But my personal favorite is the League of Legends-for it has sheer number power. More people watched the League of Legends Mid-Season invitational last year than the Euro cup final or NBA final or any sporting final for that matter. There were 360 million such people. To give you a perspective, that’s more than 5% of the world’s population.

This year the Finals will be organized in a sold-out stadium in China. This is why I ask you to keep your eyes on China this year if you are a marketer.
Now at this point, most people would disagree with me and say- Well, this may be the case abroad, India is different. We only love cricket. According to ESFI (e-Sports Federation of India) – It is estimated that India has around 264 million online gamers. That’s 20% of our population! Are you surprised? So am I- but for a different reason


I am surprised because the market is so huge and purely untapped. Marketers simply ignore the existence of this cultural phenomenon. It is important that we acknowledge that Pop Culture also changes. As technology advances it regularly effects our culture. Increasingly, e-Sports events are being held at enormous venues and stadiums. It’s one of the fastest growing industries, growing at a rate almost faster than show business. The magic of e-Sports isn’t just in the gameplay itself, but in the personalities and culture. E-Sports has changed the world as we know it. So the next time you do your regular ‘TG exercise,’ don’t just look at movies, songs and TV shows.

Reaching gamers however, can be an incredibly difficult task given that these folks can be really nasty if an outsider tries to infiltrate their culture solely for monetary gain. That’s why an authentic approach is imperative. Many of the people involved in this industry also have a lot of passion for gaming and e-Sports as a whole. They want to see this scene grow and succeed because they see the potential it has.

The people who are pushing the growth of e-Sports are all really invested. They have been working towards making e-Sports recognized as a legit sport. So much so that Paris 2024 Olympic organizers are “deep in talks” about including e-sports as a demonstration sport at the Games. Not only this, competitive video gaming will also be a medal event at the 2022 Asian Games.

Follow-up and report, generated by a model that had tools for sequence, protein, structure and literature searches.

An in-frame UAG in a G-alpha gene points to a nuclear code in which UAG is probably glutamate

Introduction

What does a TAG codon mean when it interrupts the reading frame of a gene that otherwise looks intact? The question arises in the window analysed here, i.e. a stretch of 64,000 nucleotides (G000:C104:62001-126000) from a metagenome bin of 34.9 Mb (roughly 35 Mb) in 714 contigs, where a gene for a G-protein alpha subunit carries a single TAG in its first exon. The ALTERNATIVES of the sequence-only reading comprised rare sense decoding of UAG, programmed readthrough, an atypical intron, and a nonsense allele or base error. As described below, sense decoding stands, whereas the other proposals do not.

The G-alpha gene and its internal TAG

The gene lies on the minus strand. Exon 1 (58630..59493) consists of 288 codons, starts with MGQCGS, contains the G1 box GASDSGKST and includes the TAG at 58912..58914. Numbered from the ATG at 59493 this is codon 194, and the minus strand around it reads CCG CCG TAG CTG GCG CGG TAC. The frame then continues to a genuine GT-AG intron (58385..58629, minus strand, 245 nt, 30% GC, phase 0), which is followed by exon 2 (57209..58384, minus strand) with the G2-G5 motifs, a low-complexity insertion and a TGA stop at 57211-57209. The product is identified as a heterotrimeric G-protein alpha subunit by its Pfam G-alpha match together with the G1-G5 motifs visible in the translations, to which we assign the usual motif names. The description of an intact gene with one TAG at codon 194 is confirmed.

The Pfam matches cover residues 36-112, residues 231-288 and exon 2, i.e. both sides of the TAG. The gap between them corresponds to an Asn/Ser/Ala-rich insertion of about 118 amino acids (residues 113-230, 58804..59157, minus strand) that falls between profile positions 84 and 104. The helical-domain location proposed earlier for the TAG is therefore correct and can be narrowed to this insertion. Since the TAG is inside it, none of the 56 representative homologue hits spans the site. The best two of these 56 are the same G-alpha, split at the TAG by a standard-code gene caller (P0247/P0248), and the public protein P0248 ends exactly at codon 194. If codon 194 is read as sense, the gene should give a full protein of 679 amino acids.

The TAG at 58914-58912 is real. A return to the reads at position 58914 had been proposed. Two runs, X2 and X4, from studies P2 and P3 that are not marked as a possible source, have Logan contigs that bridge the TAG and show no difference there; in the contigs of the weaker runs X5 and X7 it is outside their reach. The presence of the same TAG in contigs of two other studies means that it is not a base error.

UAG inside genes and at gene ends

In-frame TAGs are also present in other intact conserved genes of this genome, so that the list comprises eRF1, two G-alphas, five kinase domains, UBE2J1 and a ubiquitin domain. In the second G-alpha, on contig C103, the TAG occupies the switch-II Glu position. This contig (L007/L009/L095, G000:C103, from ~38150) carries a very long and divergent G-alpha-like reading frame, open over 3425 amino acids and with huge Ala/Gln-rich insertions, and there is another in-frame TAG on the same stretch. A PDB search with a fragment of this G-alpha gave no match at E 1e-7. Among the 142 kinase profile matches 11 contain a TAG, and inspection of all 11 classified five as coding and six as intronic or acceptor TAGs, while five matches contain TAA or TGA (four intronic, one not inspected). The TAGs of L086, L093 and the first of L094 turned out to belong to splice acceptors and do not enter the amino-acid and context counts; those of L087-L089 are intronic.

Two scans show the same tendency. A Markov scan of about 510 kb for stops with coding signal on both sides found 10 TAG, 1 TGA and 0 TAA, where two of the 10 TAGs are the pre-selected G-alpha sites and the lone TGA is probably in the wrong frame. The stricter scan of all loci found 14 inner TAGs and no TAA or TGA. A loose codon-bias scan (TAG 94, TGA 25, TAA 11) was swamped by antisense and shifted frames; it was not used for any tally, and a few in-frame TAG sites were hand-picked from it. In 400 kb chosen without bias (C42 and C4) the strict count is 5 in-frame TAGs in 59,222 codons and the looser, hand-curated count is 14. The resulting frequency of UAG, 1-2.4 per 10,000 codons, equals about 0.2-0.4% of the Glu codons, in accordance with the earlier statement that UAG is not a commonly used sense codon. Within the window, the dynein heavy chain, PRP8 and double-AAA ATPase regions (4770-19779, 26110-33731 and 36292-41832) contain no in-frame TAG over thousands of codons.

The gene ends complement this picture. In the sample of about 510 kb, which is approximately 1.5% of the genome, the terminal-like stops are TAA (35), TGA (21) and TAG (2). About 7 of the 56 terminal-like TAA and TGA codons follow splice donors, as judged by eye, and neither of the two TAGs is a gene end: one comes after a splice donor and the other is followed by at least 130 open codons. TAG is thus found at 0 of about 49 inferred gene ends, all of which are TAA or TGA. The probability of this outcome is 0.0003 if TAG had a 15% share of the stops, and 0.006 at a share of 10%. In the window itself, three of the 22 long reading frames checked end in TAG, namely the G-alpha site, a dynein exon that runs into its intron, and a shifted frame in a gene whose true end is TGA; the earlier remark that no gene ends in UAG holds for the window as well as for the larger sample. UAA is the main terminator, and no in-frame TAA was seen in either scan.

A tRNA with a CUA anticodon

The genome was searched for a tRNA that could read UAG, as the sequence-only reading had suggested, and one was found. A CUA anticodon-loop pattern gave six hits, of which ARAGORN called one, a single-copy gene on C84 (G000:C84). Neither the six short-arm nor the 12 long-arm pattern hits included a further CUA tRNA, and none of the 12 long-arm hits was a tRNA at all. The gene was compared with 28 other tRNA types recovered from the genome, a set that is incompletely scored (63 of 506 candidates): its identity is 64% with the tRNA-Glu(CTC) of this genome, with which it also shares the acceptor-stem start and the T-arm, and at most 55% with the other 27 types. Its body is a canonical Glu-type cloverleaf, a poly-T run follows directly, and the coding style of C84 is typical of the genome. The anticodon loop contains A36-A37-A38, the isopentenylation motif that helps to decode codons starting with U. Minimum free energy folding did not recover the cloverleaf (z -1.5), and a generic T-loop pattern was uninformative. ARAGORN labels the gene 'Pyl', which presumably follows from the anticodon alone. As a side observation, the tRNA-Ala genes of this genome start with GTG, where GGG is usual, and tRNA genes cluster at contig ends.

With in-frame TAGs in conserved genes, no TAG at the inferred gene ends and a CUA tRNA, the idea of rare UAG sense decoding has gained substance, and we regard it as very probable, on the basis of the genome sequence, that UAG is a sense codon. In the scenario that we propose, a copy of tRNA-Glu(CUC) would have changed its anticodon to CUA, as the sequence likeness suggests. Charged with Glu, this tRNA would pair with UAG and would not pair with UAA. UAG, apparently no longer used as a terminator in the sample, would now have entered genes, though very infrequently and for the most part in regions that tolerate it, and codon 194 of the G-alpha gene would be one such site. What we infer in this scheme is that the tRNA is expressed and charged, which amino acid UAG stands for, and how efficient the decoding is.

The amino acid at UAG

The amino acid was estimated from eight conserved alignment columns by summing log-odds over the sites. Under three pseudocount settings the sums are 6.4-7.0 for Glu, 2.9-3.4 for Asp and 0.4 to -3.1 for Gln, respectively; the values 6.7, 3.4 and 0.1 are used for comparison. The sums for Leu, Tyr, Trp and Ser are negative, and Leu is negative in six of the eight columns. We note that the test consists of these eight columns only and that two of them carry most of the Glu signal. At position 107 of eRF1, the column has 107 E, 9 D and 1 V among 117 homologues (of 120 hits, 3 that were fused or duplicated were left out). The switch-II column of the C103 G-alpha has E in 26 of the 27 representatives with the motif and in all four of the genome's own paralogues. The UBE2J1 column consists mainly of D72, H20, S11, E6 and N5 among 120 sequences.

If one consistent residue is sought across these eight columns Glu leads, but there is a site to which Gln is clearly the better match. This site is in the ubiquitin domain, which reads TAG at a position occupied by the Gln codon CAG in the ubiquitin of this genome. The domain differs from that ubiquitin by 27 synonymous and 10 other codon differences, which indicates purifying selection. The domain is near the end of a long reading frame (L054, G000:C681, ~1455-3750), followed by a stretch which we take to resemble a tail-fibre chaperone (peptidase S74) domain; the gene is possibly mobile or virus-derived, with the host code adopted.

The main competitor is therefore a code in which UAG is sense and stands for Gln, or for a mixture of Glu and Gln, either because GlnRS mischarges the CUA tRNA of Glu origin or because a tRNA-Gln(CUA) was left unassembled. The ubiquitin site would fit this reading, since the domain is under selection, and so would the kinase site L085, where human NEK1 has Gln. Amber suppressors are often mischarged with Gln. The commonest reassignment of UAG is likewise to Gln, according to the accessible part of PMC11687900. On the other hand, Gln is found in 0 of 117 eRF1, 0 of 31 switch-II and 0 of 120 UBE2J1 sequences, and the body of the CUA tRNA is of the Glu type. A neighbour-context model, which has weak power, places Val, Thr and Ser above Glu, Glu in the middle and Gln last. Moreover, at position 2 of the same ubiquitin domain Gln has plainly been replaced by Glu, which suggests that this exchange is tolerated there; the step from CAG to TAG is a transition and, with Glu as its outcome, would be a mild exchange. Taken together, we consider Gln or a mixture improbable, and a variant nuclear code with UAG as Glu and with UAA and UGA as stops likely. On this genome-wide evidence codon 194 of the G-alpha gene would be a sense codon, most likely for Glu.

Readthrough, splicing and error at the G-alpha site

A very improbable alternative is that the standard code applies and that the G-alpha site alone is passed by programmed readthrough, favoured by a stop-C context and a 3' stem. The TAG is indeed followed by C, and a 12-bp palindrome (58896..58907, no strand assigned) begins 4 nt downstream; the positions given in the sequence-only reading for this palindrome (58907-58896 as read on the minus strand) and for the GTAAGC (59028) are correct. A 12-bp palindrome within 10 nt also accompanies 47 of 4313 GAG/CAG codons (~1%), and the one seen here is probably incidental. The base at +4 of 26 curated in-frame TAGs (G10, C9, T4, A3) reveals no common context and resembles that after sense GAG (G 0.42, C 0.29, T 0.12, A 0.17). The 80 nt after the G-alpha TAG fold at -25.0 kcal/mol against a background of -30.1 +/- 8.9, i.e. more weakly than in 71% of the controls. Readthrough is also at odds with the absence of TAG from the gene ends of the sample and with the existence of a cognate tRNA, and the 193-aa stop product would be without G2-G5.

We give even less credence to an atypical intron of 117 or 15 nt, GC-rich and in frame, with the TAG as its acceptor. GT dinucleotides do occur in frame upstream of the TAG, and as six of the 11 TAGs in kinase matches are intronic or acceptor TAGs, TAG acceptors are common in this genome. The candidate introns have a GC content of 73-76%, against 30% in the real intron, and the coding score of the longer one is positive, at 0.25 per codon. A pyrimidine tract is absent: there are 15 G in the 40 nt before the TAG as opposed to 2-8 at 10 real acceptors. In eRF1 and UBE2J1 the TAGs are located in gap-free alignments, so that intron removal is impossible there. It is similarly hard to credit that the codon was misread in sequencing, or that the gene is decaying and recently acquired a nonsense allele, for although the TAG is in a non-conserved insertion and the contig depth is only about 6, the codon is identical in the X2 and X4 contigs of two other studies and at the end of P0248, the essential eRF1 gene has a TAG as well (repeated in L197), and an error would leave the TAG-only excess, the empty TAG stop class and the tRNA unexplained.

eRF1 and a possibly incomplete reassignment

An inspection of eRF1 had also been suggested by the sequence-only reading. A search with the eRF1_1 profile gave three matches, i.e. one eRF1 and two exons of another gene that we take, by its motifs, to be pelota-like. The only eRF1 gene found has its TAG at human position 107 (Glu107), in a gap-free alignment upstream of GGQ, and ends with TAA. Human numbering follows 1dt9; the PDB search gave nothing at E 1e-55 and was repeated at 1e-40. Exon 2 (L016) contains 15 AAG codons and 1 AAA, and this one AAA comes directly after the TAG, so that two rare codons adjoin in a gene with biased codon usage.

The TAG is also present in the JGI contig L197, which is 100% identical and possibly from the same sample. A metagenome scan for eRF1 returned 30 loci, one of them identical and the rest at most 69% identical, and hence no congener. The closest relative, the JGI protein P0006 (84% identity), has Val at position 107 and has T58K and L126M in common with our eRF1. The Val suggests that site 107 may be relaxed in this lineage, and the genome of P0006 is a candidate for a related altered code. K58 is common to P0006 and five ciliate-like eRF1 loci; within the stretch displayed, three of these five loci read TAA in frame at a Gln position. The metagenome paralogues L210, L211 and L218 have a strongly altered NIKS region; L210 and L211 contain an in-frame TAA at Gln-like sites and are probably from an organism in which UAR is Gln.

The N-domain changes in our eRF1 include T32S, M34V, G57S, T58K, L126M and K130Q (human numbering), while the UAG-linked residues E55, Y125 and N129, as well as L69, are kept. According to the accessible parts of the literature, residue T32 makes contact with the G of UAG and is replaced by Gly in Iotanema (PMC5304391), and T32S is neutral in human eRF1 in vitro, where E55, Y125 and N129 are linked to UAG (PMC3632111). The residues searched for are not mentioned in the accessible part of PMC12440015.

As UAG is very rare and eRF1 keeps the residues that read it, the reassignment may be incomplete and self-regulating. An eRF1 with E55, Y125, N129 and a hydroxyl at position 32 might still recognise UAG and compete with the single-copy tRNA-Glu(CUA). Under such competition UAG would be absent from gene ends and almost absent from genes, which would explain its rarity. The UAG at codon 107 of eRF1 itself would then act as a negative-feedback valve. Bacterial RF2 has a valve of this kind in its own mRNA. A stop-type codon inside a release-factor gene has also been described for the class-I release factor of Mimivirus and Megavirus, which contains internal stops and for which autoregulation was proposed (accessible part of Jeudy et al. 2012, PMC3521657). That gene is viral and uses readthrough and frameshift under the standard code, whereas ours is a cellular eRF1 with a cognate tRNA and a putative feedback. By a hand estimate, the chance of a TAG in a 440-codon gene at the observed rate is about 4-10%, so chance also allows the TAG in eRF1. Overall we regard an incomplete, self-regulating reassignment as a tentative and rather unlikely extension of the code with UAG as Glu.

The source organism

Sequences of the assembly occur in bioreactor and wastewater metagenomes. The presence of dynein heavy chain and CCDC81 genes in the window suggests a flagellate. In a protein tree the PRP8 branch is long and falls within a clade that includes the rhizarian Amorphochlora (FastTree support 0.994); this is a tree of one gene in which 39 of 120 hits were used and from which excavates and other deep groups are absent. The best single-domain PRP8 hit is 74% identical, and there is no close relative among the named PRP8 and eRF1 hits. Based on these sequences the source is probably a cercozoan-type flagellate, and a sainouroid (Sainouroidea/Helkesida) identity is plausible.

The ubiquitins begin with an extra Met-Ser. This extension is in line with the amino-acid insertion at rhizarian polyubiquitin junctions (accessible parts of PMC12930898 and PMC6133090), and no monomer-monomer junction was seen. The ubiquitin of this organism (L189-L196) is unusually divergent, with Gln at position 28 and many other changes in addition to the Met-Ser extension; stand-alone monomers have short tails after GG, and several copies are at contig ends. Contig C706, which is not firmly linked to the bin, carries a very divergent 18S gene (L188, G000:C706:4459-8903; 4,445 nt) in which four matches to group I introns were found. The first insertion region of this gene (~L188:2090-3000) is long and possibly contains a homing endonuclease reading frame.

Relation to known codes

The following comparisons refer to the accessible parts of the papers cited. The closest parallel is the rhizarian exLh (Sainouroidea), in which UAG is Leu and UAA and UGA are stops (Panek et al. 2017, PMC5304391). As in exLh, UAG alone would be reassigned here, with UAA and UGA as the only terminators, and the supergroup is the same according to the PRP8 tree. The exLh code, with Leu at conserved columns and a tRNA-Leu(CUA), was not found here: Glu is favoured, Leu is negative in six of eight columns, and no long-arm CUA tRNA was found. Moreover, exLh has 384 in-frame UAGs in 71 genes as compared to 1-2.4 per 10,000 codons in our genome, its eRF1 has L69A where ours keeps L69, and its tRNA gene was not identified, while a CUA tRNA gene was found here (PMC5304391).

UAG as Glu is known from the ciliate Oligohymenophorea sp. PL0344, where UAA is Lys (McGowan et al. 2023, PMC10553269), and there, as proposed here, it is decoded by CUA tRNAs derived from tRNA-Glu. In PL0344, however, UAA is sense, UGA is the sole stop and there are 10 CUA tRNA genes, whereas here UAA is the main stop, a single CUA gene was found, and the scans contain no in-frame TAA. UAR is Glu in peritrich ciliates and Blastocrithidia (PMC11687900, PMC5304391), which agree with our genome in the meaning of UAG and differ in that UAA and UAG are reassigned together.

The league of Legends World Finals will happen in China this year. And if you really want to know what your ‘TG’ will be doing this fall, keep your eyes on China.

The pride of brands

Muffled whispers have broken into a jubilant cheer.  The country has been rejoicing the constitutional acceptance and inclusion of a not so insignificant chunk of its population. On a daunting struggle at several fronts – from the self, to society, to legality, there’s a rainbow that refracted on the horizon.

And so did rainbow colours brighten up our streets, walls, screens and papers. Tearful celebrations broke out and social media feeds flooded with congratulatory pride colours. Besides the ones with pinned hopes, netizens en masse welcomed the SC’s verdict, including a host of brands and businesses.

‘Let’s get one thing straight, love is love’ was Zomato’s rainbow burger; and a smart ‘about time’ is Indigo’s pride. L’Oreal understands ‘we’re all worth it’ while Café Coffee Day knows ‘a lot could happen over coffee for everyone’.

Witty ad copies and even poignant communication such as Swiggy’s ‘it’s not been a piece of cake, but we got there’ have been doing the rounds on social media. While some of these brands focus more on metro city-millennial audiences, there’s also Zee’s ‘moment of pride for India’, Mother Dairy’s pride of diversities and ITC’s ‘nothing to hide’.

Even as most brands’ social media communications hinge on everyday news and popular culture besides planned campaigns, it’s a noteworthy shift. The shift is in recognizing queer and alternate sexuality as fast turning into dominant conversation themes, to which their consumers subscribe. It reveals much about how the hushed dialogue around LGBTQ, has gained confident decibels in larger sections of the society in recent years. And brands hanker to be as righteous and progressive as their consumers ask of them.

This also ends up moulding conduct within these organizations – brands and their agencies – employees, even if unknowingly, internalize a sense of inclusivity at workspaces.

The legalization-of-homosexuality-celebratory campaign, which brands ran on their social media, fosters positive loopback into the society, whom they want to please. In this double feeding cycle – they’ve added to the popular culture that will be consumed by thousands, and will eventually, change narratives and beahviours. Millions found solidarity with gay rights as they traced their cabs over rainbow marked routes on Uber’s app. Ola’s app taxis are still painted in pride colours 5 days after the judgment.

With Sec 377 in place till now, most brands underestimate the value of, what is popularly called pink money. With World Bank’s 2014 report suggesting that LGBT stigma and exclusion could cost us up to 1.7% of our GDP, it is in their interest to proactively harness inclusivity – as internal culture and consumer interaction.

Treading trends with social media posts must pave way for consistent communication and engagement. Taking the rainbow from one day post to a TV commercial spot is the next step. There’s a shift in the codes of pride!